• “prometheus-operator” is the name of the release. You can change this if you want.
  • “stable/prometheus-operator” is the name of the chart.
  • “monitor” is the name of the namespace where we are going to deploy the operator.

 

You can verify your installation using:

 

kubectl get pods -n monitor

 

You should be able to see the Prometheus Alertmanager, Grafana, kube-state-metrics pod, Prometheus node exporters and Prometheus pods.

 

NAME                                                   READY   STATUS    RESTARTS   AGE 
alertmanager-prometheus-operator-alertmanager-0        2/2     Running   0          49s 
prometheus-operator-grafana-5bd6cbc556-w9lds           2/2     Running   0          59s 
prometheus-operator-kube-state-metrics-746dc6ccc-gk2p8 1/1     Running   0          59s 
prometheus-operator-operator-7d69d686f6-wpjtd          2/2     Running   0          59s 
prometheus-operator-prometheus-node-exporter-4nwbf     1/1     Running   0          59s
prometheus-operator-prometheus-node-exporter-jrw69     1/1     Running   0          59s 
prometheus-operator-prometheus-node-exporter-rnqfc     1/1     Running   0          60s 
prometheus-prometheus-operator-prometheus-0            3/3     Running   1          39s

 

Now that our pods are running, we have the option to use the Prometheus dashboard right from our local machine. This is done by using the following command:

 

kubectl port-forward -n monitor prometheus-prometheus-operator-prometheus-0 9090

   

 

Now visit http://127.0.0.1:9090 to access the Prometheus dashboard. 

 

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Same as Prometheus, we can use this command to make the Grafana dashboard accessible:

 

kubectl port-forward $(kubectl get pods --selector=app=grafana -n monitor --output=jsonpath="{.items..metadata.name}") -n monitor 3000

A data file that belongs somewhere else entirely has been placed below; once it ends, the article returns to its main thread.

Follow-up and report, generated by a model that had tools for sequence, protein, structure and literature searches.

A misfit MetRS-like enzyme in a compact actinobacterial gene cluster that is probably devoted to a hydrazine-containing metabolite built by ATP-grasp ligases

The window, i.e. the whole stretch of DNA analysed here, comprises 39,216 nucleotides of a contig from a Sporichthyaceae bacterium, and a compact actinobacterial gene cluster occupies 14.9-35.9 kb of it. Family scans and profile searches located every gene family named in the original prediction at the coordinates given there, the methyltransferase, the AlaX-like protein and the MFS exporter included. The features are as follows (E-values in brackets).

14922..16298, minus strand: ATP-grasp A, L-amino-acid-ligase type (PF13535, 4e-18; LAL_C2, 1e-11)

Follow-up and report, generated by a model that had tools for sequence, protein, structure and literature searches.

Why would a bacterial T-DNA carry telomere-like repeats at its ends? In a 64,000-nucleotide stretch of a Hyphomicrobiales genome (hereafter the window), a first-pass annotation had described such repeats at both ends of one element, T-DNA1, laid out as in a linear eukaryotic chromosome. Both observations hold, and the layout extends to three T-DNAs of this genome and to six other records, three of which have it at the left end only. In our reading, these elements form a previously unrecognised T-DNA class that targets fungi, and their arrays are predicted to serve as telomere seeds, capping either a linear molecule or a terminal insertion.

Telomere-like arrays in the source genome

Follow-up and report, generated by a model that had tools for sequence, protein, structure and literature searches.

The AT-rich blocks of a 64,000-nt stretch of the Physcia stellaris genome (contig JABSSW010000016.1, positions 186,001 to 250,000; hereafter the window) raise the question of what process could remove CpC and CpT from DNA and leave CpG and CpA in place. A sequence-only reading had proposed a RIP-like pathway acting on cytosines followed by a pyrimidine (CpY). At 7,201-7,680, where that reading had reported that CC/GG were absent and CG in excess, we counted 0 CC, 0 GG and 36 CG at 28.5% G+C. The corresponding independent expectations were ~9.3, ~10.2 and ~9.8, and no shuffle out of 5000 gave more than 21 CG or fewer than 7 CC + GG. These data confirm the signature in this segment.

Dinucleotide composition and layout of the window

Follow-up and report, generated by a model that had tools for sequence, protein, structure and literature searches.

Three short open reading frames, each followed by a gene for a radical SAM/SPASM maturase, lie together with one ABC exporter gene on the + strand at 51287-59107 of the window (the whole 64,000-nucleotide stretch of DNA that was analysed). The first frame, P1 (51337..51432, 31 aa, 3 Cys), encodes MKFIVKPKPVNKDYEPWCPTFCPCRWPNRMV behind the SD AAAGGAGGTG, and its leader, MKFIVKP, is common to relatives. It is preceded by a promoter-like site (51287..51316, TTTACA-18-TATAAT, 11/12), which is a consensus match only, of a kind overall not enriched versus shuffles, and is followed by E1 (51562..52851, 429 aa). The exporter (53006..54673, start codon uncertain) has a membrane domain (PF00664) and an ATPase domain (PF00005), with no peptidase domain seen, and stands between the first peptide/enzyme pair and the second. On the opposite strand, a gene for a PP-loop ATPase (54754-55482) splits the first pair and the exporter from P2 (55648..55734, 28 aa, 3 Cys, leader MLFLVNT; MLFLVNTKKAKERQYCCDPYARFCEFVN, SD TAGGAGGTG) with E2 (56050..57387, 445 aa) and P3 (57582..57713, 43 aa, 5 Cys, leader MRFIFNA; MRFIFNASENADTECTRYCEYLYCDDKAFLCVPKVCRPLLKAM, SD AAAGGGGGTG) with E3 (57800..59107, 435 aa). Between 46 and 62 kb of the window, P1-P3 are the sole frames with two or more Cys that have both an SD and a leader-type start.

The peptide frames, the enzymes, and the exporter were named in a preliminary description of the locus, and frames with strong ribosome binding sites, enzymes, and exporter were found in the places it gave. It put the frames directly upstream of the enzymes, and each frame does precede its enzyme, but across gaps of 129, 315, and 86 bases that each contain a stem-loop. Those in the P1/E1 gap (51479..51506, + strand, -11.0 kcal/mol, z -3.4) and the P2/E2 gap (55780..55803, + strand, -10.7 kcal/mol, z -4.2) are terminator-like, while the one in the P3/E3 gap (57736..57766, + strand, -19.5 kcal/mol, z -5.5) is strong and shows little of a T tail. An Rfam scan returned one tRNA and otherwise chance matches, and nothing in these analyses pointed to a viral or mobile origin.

After visiting http://127.0.0.1:3000 you will be able to discover that there are some default preconfigured dashboards:

 

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Note that you should use "admin" as the login and "prom-operator" as the password. Both can be found in a Kubernetes Secret object:

 

kubectl get secret --namespace monitor grafana-credentials -o yaml

 

You should get a YAML description of the encoded login and password:

 

apiVersion: v1 data: password: cHJvbS1vcGVyYXRvcgo= user: YWRtaW4=

  

You need to decode the username and the password using:

 

echo "YWRtaW4=" | base64 --decode echo "cHJvbS1vcGVyYXRvcgo=" | base64 --decode

  

Using the "base64 --decode", you will be able to see the clear credentials.

Preconfigured Grafana dashboards for Kubernetes

By default, Prometheus operator ships with a preconfigured Grafana - some dashboards are available by default, like the one below:

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Some of these default dashboards, are "Kubernetes / Nodes", "Kubernetes / Pods", "Kubernetes / Compute Resources / Cluster", "Kubernetes / Networking / Namespace (Pods)" and "Kubernetes / Networking / Namespace (Workload)", etc.